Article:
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What Factors Predict Discrepancies Between Self And Observer Ratings Of Depression?

M. Domken, J. Scott, P. Kelly
Published 1994 · Psychology, Medicine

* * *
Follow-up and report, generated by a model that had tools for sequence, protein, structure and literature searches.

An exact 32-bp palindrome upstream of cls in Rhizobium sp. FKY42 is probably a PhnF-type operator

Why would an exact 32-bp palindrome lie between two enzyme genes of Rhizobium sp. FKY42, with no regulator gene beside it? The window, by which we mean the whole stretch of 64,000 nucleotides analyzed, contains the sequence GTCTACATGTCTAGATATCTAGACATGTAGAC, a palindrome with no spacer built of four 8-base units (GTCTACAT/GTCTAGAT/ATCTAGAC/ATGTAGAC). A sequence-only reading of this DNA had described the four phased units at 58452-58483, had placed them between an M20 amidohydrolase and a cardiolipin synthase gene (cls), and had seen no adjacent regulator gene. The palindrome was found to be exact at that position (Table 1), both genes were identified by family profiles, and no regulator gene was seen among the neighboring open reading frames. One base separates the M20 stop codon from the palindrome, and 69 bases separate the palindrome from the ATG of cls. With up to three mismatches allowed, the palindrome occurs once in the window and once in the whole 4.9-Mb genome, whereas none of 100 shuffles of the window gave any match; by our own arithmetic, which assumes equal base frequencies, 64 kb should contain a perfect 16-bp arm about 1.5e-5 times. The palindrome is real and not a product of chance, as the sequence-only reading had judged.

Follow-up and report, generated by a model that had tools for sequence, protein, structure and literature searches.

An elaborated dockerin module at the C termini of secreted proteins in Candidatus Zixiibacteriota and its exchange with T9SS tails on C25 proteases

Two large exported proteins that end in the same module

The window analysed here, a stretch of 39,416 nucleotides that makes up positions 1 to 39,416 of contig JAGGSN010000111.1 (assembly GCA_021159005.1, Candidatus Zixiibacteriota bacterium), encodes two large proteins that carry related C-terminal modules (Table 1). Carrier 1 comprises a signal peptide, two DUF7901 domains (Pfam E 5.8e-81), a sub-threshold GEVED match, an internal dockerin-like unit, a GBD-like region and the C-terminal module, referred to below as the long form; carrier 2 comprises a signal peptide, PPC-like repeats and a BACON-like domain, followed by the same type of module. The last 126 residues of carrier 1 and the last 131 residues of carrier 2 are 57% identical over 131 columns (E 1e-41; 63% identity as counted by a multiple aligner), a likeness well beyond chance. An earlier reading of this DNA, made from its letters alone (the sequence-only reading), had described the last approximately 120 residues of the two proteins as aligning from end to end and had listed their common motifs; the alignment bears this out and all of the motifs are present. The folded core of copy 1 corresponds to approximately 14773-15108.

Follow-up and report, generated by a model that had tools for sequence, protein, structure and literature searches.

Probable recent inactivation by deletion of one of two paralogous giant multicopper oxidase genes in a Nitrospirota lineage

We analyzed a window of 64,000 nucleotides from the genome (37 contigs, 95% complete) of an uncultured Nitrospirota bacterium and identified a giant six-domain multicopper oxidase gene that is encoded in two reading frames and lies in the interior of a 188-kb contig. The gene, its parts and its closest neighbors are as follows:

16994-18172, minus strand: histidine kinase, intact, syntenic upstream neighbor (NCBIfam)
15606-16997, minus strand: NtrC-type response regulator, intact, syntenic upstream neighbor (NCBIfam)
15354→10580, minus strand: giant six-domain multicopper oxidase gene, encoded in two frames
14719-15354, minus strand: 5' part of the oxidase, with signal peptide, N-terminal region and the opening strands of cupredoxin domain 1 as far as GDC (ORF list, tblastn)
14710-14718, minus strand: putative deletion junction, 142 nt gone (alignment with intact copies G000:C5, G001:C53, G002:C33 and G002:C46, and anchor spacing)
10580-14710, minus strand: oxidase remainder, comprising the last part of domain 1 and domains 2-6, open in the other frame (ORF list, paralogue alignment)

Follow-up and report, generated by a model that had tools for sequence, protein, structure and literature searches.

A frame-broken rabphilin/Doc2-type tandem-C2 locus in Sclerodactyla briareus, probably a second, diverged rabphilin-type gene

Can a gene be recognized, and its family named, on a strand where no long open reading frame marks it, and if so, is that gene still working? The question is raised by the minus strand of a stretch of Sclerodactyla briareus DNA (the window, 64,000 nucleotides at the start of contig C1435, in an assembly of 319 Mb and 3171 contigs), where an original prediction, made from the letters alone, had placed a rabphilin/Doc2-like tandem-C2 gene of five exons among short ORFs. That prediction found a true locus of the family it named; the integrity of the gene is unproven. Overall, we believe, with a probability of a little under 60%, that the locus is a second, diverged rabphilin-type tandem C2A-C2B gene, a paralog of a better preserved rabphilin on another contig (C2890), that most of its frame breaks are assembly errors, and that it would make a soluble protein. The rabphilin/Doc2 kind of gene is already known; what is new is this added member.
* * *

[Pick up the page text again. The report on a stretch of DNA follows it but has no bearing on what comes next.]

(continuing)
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This study used a matched clinician and self-rating scale, the Inventory for Depressive Symptomatology (IDS; Rush et al., 1986), in the assessment of 48 patients meeting DSM-III-R criteria for non-psychotic major depressive disorder. Patients generally rated their symptoms as more severe than the clinician, but differences between the self and clinician rating (the delta-IDS) were significantly correlated with non-endogenous depressive subtype, higher levels of neuroticism and dysfunctional attitudes, and lower self-esteem. Multiple linear regression analysis which controlled for severity of depression demonstrated that whilst neuroticism, dysfunctional attitudes and self-esteem accounted for 48.5% of the variance in delta-IDS, the variable accounting for most of the variance was low self-esteem (47.9%).
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